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Mobile banking transactions to double by 2020

Mobile banking – on the up and up or never never?

Figures out today from two different sources indicate that mobile banking transactions will more than double by 2022, while branch visits may dwindle to as little as just four visits each year for the average consumer.

The research, published by CACI, reveals that customer interactions with their bank will increase by 54% in the next five years – largely driven by the continued rise of mobile banking. Banking app transactions will increase by 121%, meaning that log-ins, balance checks and payments will more than double.

Interactions made using a laptop or desktop, claims the report, will decrease by 63% between 2017 and 2022, as more and more consumers switch to smartphones to carry out transactions. This means that mobile banking, as it has so far, will continue to dominate the agenda for banks and financial institutions with customers across all demographics going digital.

Those aged 18-24 and starting out in life will visit their bank around six times this year, and this again may dip to just two visits annually by 2022.
The report claims here will be five times more elderly, low-income customers using mobile banking in 2022 than in 2017, and consumers aged 50 plus will account for almost a third of all mobile banking log-ins in 2022. This highlights the ongoing trend not only of mobile banking, but of older generations embracing the technology available to make handling their finances simpler.
The logic of this claim is slightly suspect since the drop in visits to a branch may be caused by the fact that there are fewer branches open in the first place. In the same way that a rise in rural journeys by foot is not necessarily a new lifestyle choice if it is caused by the cancellation of the bus route.

Speaking to IBS Intelligence Jerry Mulle, director of customers & partners at Intelligent Environments, said: “Digital banking is now truly king. This is further proof of the need for banks to continue to monitor the landscape, listen to consumer demands, and innovate technologically – all while ensuring security isn’t compromised. Is there a real choice or not?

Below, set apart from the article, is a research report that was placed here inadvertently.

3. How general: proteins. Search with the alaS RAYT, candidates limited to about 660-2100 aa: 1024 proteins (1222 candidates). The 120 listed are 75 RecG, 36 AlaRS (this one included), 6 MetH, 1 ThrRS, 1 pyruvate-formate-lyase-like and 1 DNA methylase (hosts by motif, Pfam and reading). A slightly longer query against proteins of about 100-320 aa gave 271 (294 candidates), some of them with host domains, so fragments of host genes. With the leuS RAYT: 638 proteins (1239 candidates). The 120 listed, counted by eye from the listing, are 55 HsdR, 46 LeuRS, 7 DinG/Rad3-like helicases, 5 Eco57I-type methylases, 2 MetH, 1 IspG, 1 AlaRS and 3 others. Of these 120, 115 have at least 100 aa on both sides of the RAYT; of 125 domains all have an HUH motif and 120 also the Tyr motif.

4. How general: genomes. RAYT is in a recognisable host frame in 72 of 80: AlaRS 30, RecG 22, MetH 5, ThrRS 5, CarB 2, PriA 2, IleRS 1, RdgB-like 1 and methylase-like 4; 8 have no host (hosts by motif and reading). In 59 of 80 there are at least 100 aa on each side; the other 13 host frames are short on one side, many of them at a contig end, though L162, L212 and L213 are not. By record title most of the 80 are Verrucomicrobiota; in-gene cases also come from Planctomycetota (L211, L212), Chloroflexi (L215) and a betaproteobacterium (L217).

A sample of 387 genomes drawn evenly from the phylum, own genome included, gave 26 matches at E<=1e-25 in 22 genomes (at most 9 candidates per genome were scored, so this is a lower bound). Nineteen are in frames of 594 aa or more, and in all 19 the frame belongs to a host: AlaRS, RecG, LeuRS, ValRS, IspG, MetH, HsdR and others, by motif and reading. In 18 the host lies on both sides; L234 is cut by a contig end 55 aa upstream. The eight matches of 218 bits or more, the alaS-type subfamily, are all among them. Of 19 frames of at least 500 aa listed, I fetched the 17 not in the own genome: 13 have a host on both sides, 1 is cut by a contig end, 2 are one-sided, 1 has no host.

Is this a real choice?

The fact that this may not be a real ‘choice’ but a matter of what is available was reflected in what Mulle said: “We don’t see this trend as signifying the end of the high street branch. There is still a need for bank branches – our 2016 research found that in-branch banking is still popular amongst the older generation, with almost a third (31%) of over 45-year-olds stating it as their preferred method of money management. Certain services also require more face time than others, for example, mortgage advice and loan applications. Branches still have a place and a role to play – as with everything, they will simply have to adapt, combining the human touch with technology to continually improve customer service and efficiency.”Customers are increasingly relying on banking apps to manage their money with app transactions rising by 57% during 2016 – according to a report by the BBA and EY.

An appetite for banking’, the latest edition of the Way We Bank Now series, also builds upon previous findings acknowledging the consumer-led trend towards digital banking. The research shows how over 19.6 million people used banking apps in 2016, an increase of 11% on the previous year5, corresponding to almost 4 in 10 (38%) of the UK adult population.6
Customers are using banking apps to do more than just check their account balance, with significant growth in customer numbers using apps to manage their savings (30%), credit cards (46%) and mortgage/investment accounts (86%) grew significantly in 2016.

There is still a place for banks in mortar 

The report nods in the direction of some concerns over the lack of branch access by pointing to the increase in the numbers of mobile ‘banks on wheels’, helping people in some rural communities get better physical bank access.

Eric Leenders, BBA Managing director, retail and commercial banking, said: “Banking apps are now the principle means by which we access our current accounts. And this doesn’t appear to be a fad with more and more people moving beyond payments, increasingly using apps to access a broader range of banking services, such as savings, credit cards, mortgage and investment accounts. Latest developments in the consumer-led digital revolution are empowering customers to manage their finances more conveniently.”

Dan Cooper EY UK banking and capital markets lead partner said: “This latest report highlights how customers are increasingly using digital banking, which in turn is driving innovation. This growing customer comfort with digital financial services sets the scene for the launch of Open Banking in 2018, when both banks and other providers will have the opportunity to present customers with greater choice and control over their financial lives.”

Jamie Morawiec, associate partner at CACI said: “The speed and convenience of mobile banking is a huge contributing factor to its ongoing popularity, especially as banks add more and more functionality to their apps. Understanding who is using it, and how, is key for banks to ensure it works for everyone. However with more than half of the population still expected to visit a branch in 2022, the branch still has an important role to play. Banks and FIs must ensure that the function of the branch remains relevant, complements the digital channels, and meets the specific needs of the demographics that are using them.”

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